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Street art celebrating diversity washed off by mistake, artists 'absolutely gutted'

The stunning street art was created by three woman artists who were working-class or from minority groups.

Street art celebrating diversity washed off by mistake, artists 'absolutely gutted'
Image source: Instagram/pwshcdf

A simple miscommunication led to vibrant artwork adorning Cardiff city center being washed away. The murals were commissioned by For Cardiff, a body tasked with making the city "vibrant and welcoming." Celebrating diversity, these were painted on 11 concrete pillars in the city center and featured portraits of underrepresented women. They were done by three young woman artists who were heartbroken to learn their work had been washed away. For Cardiff acknowledged that it was a communication error that led to the mishap and apologized for the same, stating that it was "due to a devastating error involving our cleansing contractor," reported The BBC.



 

 

The artists involved in the project by PWSH collective created the murals to “enable Cardiff-born and based emerging and established visual artists to decorate their city center with artwork that celebrates and represents a breadth of local talent.” Beth Blandford, Amber Forde, and Temeka Davies were the artists behind the murals. "I'm absolutely gutted, I can't believe it, it took me about five days and most of those days were 12-16 hour days," said Blandford. "We really planned this project out, we were so excited, it's a real shame." For Cardiff released a statement addressing the artists, "We offer our sincere and heartfelt apology to the talented artists, Beth Blandford, Amber Forde, and Temeka Davies who took the opportunity to brighten up Cardiff." It added, "We're working with the creative director of the project as to how we can best rectify this situation as quickly as possible."



 

 

Blandford also spoke of the importance of public art forms created by women and diverse communities. "These are voices that need to be heard, and it was just washed off due to a mistake, it feels a bit overwhelming really," said Blandford. Amber Forde echoed her fellow artist's words. "I think it's really important because it gives the visibility and shows how diverse Cardiff is. Especially as a lot of the artists involved were working-class or from minority groups," said Forde. She went on to add that the artwork also represented her culture. "I had three murals, each one tied back to my culture, I'm half Bajan half Welsh, so I tied that into my color scheme. I was really devastated, throughout the project, I would finish work and go straight to work on the project. I was pretty distraught for me and the girls."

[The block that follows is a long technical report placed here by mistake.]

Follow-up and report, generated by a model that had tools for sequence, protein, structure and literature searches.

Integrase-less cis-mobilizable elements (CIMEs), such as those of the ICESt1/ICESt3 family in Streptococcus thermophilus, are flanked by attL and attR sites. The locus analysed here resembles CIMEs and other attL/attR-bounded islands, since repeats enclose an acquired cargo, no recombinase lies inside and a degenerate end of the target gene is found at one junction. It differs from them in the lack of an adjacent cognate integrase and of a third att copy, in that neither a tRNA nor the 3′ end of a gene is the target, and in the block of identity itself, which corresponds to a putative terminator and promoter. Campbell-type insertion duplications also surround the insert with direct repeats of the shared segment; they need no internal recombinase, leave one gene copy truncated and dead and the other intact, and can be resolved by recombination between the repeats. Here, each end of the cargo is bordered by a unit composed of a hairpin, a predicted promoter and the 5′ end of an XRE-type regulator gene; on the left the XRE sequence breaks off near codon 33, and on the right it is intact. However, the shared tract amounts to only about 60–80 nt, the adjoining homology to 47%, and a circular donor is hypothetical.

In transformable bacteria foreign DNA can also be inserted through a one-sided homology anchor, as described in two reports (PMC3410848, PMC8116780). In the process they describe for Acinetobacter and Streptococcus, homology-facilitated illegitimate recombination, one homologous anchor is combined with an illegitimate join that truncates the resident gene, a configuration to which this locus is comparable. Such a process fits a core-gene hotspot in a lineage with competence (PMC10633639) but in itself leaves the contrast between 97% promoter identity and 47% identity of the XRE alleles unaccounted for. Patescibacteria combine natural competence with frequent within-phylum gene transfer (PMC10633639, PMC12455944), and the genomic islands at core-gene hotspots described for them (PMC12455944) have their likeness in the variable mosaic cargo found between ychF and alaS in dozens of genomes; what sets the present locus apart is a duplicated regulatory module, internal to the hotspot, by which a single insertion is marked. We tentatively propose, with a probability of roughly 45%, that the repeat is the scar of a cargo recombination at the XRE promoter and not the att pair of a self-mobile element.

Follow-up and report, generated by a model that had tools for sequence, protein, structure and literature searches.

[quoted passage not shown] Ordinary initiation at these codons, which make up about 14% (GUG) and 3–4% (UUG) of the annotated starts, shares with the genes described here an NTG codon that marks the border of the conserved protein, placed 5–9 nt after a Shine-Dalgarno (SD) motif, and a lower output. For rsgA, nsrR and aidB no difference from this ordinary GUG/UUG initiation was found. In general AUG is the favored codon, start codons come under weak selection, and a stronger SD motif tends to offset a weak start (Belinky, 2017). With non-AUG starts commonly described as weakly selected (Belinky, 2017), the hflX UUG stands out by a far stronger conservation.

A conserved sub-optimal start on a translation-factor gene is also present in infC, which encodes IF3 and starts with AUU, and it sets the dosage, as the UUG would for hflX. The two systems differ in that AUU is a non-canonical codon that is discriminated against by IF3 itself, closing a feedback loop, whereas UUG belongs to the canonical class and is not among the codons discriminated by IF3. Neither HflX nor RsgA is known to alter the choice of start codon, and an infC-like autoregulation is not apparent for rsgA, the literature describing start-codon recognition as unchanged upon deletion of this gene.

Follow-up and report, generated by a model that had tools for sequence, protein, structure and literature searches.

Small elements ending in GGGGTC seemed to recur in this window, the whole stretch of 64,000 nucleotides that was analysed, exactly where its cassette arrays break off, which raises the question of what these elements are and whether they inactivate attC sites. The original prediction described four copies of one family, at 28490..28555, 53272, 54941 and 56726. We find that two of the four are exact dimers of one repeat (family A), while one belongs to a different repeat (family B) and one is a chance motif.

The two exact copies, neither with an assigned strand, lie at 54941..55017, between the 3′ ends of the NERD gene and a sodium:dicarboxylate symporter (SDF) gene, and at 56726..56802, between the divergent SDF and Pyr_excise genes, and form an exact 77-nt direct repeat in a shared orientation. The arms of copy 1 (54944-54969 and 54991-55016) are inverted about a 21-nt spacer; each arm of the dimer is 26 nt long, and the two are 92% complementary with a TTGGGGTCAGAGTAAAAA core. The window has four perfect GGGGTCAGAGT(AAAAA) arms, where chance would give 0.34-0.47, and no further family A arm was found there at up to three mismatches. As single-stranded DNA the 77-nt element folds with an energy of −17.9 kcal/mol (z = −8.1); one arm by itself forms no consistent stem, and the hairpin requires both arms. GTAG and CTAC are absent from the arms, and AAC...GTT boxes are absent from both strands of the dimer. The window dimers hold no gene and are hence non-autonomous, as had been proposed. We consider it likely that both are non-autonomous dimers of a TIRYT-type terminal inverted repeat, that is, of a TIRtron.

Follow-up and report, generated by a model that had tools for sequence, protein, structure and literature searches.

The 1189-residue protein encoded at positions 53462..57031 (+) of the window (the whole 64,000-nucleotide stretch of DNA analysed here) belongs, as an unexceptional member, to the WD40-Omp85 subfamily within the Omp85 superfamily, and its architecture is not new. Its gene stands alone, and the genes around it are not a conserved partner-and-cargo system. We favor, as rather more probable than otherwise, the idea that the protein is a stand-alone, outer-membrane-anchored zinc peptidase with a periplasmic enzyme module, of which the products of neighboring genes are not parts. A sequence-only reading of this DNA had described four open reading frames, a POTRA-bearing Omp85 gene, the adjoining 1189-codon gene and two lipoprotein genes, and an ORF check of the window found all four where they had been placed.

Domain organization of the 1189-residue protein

"Gutted," wrote the PWSH Instagram page addressing the mishap."This is a dark post for us to be publishing. We are absolutely devastated that our artwork at the back of the old Debenhams was removed yesterday morning (Thursday 14 October). We are not sure why or how this has happened. That area is now a complete soul-less mess again (with our artwork literally washed off and now all over the floor) - and we are heartbroken," read the post.



 

 

PWSH said they were equally saddened for the artists who poured their heart and soul into the project. "We are gutted for the people of Cardiff who have shown so much love for this project. We are gutted for our city which has so much potential to fill itself to the brim with all of the creativity its inhabitants have to offer. People have shared with us that they would have liked to have seen ALL of the columns transformed with our artwork in this otherwise very unloved corner of our city-center — people did not want the artists’ beautiful artwork removed from them."



 

 

PWSH confirmed that they planned to commission more artwork and intend to start with finding funding for Beth, Amber, and Temeka to create new and permanent artwork, in a new home/s. "For Cardiff funded this, and are very supportive and are as gutted as we are, but something fundamentally horrific has happened in some sort of communication," said Rachel Kinchin, the creative producer for PWSH. 

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